) shares slipped 1.2% to close at $82.68 on Nov 20 as it
announced a 12% decline in global retail sales for the three
months ending Oct 2013. The drop was dangerously close to the
year's lowest drop of 13% that was registered in February. With
this, the construction and mining equipment behemoth reported its
eleventh consecutive month of sales decline. Sales dropped across
Prior to this, Caterpillar had witnessed a 20-month stretch of
negative sales from Sep 2008 to Apr 2010 due to the global
recession. In May 2010, the company reverted to positive sales
growth and there was no looking back as sales growth picked up
riding on the wave of strong equipment demand both domestically
as well as in the emerging markets.
However, the sales growth started declining in Dec 2012, affected
by tougher year-earlier comparisons, rising inventories of unsold
equipment, weak economic conditions, and slowing down of the
Chinese economy, which had otherwise been the main driver of
construction and mining demand.
As mentioned earlier, so far in 2013, Caterpillar had fared the
worst in February with a decline of 13%. Since then, the narrower
decline of 7% in May sparked some hopes, but it was short-lived
as the sales graph again started trending downward.
In October, Caterpillar witnessed declines across all regions
barring. Even North America, Caterpillar's largest market in
terms of geography which had registered positive growth in the
past two months, disappointed with a 2% dip.
Sales in Latin America dropped 8% in October. The region had
enjoyed a 10-month stint of positive growth which abruptly ended
in Jul 2013. Growth rate had escalated to 28% in April this year
as demand for construction and infrastructure projects had
spurred equipment demand in Brazil, as it prepares for the 2014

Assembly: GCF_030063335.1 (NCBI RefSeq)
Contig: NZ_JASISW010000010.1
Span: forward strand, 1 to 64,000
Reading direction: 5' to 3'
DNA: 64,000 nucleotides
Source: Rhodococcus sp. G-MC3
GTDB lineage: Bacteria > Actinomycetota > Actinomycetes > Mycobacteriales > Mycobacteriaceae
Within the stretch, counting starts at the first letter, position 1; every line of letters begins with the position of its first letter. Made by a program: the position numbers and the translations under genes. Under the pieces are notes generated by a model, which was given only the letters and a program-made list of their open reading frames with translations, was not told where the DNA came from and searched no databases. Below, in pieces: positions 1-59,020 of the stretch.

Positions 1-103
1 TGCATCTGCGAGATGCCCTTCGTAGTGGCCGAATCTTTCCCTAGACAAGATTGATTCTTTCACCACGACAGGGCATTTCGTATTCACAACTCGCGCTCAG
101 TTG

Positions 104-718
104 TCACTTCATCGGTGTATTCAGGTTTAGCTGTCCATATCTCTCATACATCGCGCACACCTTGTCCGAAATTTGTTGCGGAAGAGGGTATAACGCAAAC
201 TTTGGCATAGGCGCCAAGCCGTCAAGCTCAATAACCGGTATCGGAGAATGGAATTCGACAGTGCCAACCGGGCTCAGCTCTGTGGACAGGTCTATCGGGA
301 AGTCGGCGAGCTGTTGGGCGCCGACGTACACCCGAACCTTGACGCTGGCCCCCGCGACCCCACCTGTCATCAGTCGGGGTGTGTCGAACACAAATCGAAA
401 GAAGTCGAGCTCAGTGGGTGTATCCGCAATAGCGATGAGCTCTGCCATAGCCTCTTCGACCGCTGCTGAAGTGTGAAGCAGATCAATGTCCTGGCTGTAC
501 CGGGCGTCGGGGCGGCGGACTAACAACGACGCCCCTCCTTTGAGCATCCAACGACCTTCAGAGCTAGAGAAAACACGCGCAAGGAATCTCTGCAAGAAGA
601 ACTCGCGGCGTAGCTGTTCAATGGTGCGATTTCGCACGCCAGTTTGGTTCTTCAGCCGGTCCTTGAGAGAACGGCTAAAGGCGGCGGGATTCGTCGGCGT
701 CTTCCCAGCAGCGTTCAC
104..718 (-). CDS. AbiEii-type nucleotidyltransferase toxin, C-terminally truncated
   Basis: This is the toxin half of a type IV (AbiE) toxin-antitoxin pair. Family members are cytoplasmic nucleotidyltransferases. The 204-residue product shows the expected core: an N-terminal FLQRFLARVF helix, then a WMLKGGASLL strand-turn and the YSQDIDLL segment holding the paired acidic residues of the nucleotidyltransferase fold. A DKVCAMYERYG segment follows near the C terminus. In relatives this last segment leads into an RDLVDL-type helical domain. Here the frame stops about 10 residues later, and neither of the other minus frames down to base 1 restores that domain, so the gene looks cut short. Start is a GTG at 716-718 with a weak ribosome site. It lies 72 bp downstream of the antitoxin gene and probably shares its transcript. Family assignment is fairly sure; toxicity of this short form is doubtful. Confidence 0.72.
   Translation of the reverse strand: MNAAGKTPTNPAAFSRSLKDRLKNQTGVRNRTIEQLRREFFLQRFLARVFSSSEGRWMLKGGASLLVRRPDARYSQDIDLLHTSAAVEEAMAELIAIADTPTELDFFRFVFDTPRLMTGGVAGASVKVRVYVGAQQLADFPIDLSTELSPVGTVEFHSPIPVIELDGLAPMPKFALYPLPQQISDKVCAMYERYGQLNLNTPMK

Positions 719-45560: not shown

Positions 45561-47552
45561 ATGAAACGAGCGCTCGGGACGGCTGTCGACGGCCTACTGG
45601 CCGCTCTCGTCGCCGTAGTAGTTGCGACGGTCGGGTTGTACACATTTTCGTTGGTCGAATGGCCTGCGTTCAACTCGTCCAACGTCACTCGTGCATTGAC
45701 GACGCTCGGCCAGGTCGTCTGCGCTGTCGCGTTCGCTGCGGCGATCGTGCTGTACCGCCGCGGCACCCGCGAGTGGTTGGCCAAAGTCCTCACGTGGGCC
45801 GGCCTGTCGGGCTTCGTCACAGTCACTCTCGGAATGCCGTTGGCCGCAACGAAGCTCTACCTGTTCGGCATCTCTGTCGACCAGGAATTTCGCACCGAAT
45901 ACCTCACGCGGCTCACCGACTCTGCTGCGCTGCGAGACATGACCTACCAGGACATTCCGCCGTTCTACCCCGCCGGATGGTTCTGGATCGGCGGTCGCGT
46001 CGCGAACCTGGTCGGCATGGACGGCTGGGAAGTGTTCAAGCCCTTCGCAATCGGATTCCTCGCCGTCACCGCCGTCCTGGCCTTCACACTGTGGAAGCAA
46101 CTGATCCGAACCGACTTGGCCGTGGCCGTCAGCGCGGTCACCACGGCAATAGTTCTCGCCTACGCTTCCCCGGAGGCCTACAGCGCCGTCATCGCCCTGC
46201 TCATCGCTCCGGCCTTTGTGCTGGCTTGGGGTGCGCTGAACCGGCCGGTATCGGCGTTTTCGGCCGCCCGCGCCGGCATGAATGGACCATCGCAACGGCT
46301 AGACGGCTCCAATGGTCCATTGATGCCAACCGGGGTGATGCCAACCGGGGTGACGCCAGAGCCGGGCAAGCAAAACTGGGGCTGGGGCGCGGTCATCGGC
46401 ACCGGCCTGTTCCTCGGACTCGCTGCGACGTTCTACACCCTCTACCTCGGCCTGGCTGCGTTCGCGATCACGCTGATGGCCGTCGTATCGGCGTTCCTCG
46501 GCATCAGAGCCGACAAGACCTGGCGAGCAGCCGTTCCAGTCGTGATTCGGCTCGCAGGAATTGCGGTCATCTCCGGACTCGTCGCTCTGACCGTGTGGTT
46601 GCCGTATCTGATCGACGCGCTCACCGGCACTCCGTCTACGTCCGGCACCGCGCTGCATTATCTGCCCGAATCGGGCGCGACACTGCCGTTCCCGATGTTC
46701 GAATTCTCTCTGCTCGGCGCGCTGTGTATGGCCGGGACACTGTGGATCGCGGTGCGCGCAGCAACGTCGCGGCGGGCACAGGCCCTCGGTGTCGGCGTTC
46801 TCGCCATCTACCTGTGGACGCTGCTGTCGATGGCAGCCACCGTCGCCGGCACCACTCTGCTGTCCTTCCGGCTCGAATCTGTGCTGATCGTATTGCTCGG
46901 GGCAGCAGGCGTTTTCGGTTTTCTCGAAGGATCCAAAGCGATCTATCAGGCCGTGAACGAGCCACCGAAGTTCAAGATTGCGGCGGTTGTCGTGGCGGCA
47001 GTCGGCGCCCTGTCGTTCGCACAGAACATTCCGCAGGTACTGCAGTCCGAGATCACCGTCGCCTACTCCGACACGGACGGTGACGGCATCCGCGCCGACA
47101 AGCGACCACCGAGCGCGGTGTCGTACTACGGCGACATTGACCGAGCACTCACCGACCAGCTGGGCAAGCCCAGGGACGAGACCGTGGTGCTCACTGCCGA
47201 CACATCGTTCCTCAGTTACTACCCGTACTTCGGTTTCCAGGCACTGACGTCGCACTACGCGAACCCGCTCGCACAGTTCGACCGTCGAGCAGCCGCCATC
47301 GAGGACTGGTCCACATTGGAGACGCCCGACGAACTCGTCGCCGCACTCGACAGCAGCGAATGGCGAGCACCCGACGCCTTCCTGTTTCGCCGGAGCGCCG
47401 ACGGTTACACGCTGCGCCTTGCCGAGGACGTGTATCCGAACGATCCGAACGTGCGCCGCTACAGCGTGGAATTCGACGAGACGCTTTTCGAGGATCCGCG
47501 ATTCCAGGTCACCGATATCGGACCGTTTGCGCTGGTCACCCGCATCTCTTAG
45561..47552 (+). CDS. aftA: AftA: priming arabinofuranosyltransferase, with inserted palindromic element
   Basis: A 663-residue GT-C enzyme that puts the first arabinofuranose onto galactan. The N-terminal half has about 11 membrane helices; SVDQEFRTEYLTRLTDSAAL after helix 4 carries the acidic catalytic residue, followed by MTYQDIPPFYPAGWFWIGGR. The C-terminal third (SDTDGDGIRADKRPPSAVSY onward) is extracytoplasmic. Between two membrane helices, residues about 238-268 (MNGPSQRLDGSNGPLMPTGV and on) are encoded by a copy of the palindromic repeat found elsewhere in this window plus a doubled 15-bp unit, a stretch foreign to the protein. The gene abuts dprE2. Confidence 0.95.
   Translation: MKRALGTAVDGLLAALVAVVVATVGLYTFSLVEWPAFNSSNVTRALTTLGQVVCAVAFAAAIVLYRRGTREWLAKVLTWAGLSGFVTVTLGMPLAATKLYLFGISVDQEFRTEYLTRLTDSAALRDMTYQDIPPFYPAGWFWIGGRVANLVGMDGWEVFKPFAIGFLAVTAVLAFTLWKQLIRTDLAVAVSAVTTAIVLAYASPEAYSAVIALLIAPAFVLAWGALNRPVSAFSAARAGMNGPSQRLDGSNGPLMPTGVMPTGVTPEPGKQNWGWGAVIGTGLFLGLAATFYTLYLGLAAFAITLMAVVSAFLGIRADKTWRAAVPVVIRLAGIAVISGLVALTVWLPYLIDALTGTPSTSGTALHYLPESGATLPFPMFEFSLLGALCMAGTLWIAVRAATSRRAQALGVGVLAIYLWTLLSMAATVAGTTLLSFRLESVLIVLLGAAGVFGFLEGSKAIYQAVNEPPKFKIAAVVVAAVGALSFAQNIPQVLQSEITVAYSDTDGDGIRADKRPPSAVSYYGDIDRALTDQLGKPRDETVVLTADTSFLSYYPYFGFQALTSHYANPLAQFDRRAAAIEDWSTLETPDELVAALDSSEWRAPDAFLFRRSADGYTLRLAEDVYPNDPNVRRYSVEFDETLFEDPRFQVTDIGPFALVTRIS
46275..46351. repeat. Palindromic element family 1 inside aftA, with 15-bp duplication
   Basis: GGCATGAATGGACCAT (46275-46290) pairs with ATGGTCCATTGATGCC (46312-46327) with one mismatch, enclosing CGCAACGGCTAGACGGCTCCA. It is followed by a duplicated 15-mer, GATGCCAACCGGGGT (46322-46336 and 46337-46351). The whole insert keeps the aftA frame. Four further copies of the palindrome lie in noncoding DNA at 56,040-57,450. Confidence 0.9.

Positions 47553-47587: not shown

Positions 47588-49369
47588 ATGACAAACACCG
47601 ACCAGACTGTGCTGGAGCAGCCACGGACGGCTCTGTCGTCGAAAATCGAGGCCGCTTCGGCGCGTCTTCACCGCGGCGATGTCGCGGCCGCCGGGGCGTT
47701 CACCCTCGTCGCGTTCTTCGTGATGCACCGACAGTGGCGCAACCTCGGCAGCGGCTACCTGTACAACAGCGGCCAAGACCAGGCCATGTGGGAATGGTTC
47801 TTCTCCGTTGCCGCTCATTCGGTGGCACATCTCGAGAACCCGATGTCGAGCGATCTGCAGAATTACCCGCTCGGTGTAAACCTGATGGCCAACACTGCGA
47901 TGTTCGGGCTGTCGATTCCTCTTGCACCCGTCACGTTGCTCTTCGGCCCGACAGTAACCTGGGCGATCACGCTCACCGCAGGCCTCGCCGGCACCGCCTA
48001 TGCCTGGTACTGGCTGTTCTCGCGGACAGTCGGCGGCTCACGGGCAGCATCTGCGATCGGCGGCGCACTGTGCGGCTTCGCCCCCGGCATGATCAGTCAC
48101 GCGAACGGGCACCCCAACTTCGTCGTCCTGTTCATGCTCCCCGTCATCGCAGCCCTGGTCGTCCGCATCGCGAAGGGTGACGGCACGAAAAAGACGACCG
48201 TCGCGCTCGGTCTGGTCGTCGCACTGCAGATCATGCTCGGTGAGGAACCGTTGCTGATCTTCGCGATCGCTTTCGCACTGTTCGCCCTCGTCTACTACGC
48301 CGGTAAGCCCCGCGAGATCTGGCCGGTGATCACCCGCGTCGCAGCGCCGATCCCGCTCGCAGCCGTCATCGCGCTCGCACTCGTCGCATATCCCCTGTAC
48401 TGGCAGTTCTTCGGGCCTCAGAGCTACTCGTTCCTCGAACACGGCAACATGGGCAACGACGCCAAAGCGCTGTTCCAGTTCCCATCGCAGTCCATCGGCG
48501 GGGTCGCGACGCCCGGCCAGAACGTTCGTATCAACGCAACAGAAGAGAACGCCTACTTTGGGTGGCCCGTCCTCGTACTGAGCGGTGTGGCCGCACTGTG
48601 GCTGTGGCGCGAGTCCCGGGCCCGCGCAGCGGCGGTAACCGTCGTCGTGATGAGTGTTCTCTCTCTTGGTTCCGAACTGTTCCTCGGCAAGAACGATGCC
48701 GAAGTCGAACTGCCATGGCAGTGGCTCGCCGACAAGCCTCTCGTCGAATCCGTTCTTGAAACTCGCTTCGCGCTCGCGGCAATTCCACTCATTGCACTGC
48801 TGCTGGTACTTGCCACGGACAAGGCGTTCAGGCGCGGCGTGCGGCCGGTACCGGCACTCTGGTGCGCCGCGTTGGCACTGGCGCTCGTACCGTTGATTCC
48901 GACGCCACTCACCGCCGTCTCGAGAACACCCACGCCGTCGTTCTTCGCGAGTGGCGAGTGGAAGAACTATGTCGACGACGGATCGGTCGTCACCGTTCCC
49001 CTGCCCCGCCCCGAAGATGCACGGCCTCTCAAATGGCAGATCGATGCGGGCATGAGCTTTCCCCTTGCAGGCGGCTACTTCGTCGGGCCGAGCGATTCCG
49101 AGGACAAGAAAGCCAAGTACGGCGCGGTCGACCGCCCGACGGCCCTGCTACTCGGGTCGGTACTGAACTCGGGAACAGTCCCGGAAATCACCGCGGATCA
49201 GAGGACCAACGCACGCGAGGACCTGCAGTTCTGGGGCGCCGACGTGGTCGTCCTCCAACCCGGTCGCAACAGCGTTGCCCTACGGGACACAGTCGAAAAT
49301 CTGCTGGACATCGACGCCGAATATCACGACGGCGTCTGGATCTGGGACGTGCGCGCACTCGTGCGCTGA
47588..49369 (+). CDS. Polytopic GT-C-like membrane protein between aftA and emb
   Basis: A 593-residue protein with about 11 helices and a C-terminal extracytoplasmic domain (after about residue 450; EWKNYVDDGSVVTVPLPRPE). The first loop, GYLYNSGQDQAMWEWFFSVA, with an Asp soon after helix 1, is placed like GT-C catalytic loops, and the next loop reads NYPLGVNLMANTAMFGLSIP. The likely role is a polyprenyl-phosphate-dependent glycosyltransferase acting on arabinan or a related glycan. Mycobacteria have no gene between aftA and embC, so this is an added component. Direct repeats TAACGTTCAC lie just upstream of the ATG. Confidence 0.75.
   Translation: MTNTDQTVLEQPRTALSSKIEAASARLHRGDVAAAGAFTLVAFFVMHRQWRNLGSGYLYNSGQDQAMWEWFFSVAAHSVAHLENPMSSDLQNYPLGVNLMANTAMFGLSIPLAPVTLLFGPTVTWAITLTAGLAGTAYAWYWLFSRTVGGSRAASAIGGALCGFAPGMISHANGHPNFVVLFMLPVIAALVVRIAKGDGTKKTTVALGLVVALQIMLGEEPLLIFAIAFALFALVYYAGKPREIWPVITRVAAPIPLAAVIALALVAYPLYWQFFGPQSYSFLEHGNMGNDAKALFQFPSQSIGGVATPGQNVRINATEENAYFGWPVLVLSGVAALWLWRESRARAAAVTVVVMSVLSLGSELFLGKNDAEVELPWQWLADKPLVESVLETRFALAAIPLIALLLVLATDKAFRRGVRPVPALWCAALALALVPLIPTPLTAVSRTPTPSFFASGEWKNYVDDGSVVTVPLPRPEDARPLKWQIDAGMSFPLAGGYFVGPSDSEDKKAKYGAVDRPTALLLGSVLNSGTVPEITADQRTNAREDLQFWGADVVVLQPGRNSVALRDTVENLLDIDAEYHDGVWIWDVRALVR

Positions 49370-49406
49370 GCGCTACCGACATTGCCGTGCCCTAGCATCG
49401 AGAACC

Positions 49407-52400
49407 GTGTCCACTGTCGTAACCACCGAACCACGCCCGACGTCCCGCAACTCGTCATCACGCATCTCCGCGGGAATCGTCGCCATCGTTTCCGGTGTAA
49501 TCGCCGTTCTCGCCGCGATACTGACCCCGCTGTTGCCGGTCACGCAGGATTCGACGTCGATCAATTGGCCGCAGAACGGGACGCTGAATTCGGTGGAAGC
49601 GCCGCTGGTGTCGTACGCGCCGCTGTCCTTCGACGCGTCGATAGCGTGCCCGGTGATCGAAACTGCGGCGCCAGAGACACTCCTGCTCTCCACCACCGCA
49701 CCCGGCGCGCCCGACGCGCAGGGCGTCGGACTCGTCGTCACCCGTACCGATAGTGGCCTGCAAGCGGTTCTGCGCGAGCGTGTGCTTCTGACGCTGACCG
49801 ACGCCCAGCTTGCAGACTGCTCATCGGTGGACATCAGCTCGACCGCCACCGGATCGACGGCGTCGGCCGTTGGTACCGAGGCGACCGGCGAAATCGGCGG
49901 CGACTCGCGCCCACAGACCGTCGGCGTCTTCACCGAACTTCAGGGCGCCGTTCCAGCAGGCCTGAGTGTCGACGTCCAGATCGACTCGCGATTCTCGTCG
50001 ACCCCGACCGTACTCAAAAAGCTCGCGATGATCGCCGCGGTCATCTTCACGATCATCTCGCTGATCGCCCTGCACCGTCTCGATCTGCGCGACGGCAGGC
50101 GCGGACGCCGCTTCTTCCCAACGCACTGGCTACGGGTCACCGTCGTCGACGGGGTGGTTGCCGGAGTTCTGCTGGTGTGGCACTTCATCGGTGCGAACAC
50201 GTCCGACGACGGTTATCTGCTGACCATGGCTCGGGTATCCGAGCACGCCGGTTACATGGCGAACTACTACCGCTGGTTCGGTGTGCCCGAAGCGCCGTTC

World Cup and 2016 Olympic Games. However, civil unrest in Brazil
have been affecting sales in the region lately.
Asia dragged down overall results with a 26% decline and sales in
Europe, Africa, the Middle East (EAME) were at its worst in 2013
with a 14% drop. Sales in the region had dipped in single digits
till June. Sales in ROW (Rest of the World) dipped 17%.
Reciprocating & Turbine Engine Retail sales dipped 9% year
over year globally, hitting a trough in 2013. Sales to the
industrial markets increased 16%, the only bright spot in the
sales report. Sales to transportation and electric power markets
plunged 27% and 21%, respectively. The petroleum market however
recorded flat sales.
Caterpillar's results in the first nine months of 2013 has been
disappointing as revenues dipped 17% year over year to $41.2
billion, primarily due to reduced mining demand and decline in
Even though sales in the fourth quarter is expected to be
slightly higher than in the third quarter, earnings per share may
be lower due to higher costs resulting from seasonal spending
patterns. The company also expects another substantial decline in
dealer inventories in the fourth quarter. Caterpillar has trimmed
its fiscal 2013 guidance for three quarters in a row. For fiscal
2013, Caterpillar now projects sales of $55 billion and earnings
of $5.50 per share in 2013.
The recovery in the U.S. construction sector is expected to
provide a much needed boost to Caterpillar's revenues. However,
declining backlog, recent weakness in the emerging markets, and
negative impact of the European debt crisis could weigh on
Caterpillar's growth and operating performance over the next
several quarters. In such a scenario, Caterpillar is looking to
curtail costs and get rid of some hindrances by resorting to
temporary layoffs, shutting down or shifting operations.
Caterpillar currently retains a Zacks Rank #5 (Strong Sell).
Stocks in the industrial products sector with a favorable Zacks
) with a Zacks Rank #1, and
Alamo Group, Inc.
H&E Equipment Services Inc.
), each with a Zacks Rank #2 (Buy).
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